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  5. "Het meisje eet een zoete app…

"Het meisje eet een zoete appel."

Translation:The girl eats a sweet apple.

August 23, 2014

9 Comments


[deactivated user]

    Can you call a person 'zoete' as well?

    Hij is een zoete man.


    https://www.duolingo.com/profile/Simius

    I think they do that in Belgium, but not so much in the Netherlands.

    Instead, Dutch uses the adjective lief. It is hard to translate precisely, a mixture of sweet, cute and kind.


    [deactivated user]

      Thank you!

      Je bent een liefe man.


      https://www.duolingo.com/profile/Simius

      Aww, shucks! But it would be "een lieve man".

      This change of consonants is explained here in section 3.


      https://www.duolingo.com/profile/GaelicGirl2

      Only for very little kids you would use that in the netherlands (and not used by everyone but it's not incorrect/dialect eventhough it might be regional). It's never used for an adult. (Because the adorable+ obedient just doesn't work after a certain age)

      It's would be used as a synonym for braaf. So welbehaved and quietly enjoying themselves.

      (Lief would be the translation for sweet)


      https://www.duolingo.com/profile/nicola.hob

      When is it appropriate to use 'zoete' over 'zoet'. Whats the rule?


      https://www.duolingo.com/profile/ZuMako8_Momo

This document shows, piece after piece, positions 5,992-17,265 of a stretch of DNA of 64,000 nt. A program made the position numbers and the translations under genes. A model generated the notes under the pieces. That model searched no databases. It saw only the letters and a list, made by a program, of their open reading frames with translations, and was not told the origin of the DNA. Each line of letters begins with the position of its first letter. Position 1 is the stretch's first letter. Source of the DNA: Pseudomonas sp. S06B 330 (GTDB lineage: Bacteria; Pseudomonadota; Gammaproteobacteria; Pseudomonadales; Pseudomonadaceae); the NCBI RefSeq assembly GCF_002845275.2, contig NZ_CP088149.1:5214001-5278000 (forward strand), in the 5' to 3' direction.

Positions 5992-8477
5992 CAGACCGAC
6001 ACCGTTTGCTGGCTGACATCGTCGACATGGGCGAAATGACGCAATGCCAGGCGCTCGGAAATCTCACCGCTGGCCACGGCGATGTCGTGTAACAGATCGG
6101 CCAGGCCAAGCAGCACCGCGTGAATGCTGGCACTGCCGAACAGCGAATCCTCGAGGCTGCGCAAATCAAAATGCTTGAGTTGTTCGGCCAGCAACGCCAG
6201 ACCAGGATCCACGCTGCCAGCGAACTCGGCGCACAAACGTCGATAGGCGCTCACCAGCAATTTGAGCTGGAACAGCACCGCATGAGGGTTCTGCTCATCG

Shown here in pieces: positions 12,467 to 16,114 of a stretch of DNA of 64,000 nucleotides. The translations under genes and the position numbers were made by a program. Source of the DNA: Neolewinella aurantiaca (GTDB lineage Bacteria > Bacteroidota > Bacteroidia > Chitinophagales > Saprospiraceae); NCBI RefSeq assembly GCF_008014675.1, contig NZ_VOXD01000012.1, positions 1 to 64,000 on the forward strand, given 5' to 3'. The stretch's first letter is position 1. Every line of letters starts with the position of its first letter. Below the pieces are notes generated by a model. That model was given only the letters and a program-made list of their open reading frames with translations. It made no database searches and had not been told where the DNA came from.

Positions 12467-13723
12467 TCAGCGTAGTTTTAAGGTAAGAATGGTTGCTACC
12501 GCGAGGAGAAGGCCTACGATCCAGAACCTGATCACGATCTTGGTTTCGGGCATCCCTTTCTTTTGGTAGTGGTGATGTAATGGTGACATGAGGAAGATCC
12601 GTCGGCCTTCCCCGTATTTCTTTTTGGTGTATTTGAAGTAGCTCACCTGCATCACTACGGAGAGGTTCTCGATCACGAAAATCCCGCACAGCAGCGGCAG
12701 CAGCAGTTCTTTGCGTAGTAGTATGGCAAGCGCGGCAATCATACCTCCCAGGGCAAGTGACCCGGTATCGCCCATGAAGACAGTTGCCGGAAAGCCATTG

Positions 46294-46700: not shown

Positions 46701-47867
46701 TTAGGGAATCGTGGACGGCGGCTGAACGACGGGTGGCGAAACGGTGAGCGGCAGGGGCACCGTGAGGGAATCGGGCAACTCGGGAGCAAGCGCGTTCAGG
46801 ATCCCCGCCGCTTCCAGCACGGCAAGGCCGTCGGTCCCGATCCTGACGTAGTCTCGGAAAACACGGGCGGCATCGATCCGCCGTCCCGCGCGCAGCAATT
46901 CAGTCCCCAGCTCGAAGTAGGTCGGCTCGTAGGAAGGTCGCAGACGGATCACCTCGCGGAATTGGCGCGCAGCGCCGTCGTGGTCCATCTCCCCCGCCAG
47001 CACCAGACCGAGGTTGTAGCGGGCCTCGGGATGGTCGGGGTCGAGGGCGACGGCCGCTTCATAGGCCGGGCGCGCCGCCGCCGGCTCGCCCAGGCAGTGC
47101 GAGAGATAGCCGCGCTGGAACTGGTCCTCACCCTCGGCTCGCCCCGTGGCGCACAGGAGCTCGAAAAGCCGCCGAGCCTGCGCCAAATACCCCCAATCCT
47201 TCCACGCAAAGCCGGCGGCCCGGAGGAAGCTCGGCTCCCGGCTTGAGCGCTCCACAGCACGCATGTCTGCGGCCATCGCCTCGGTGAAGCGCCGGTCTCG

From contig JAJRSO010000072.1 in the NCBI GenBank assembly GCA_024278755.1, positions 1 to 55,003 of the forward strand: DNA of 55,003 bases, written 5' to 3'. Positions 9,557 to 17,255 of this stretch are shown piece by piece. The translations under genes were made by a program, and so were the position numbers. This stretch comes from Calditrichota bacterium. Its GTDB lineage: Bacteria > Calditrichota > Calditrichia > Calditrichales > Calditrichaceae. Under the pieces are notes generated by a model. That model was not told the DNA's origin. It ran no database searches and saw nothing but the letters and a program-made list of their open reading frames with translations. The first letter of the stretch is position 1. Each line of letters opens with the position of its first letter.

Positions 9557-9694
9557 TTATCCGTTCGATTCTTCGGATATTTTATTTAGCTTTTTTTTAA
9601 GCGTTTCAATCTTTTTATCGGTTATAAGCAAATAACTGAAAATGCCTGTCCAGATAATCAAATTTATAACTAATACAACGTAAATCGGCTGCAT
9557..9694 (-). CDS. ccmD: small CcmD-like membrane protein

For all adjectives before nouns, the „-e" ending appear for plural nouns and definite singular nouns. The only time that you don't see this ending is in singular indefinite het-woorden.

      de zoete appel

      een zoete appel

      het zoete meisje

      een zoet meisje

      Here is a helpful resource.


      https://www.duolingo.com/profile/rob639839

      The girl is eating a sweet apple is not accepted?


      https://www.duolingo.com/profile/GaelicGirl2

      It should. If it happens again check for errors and report ( In case you missed a word (it happens I've done it..) Or typed sweat instead of sweet)

      Sometimes some correct answers aren't in the database yet. (Though you'd think the two tenses are the first thing you think of to put in. Sometimes there are a lot of different ways to say something so it's easy to miss one (or more), but the tenses should be a reflex, add one at its counterpart. And most definitely the counterpart of the standard correct answer shown at the top of the thread)

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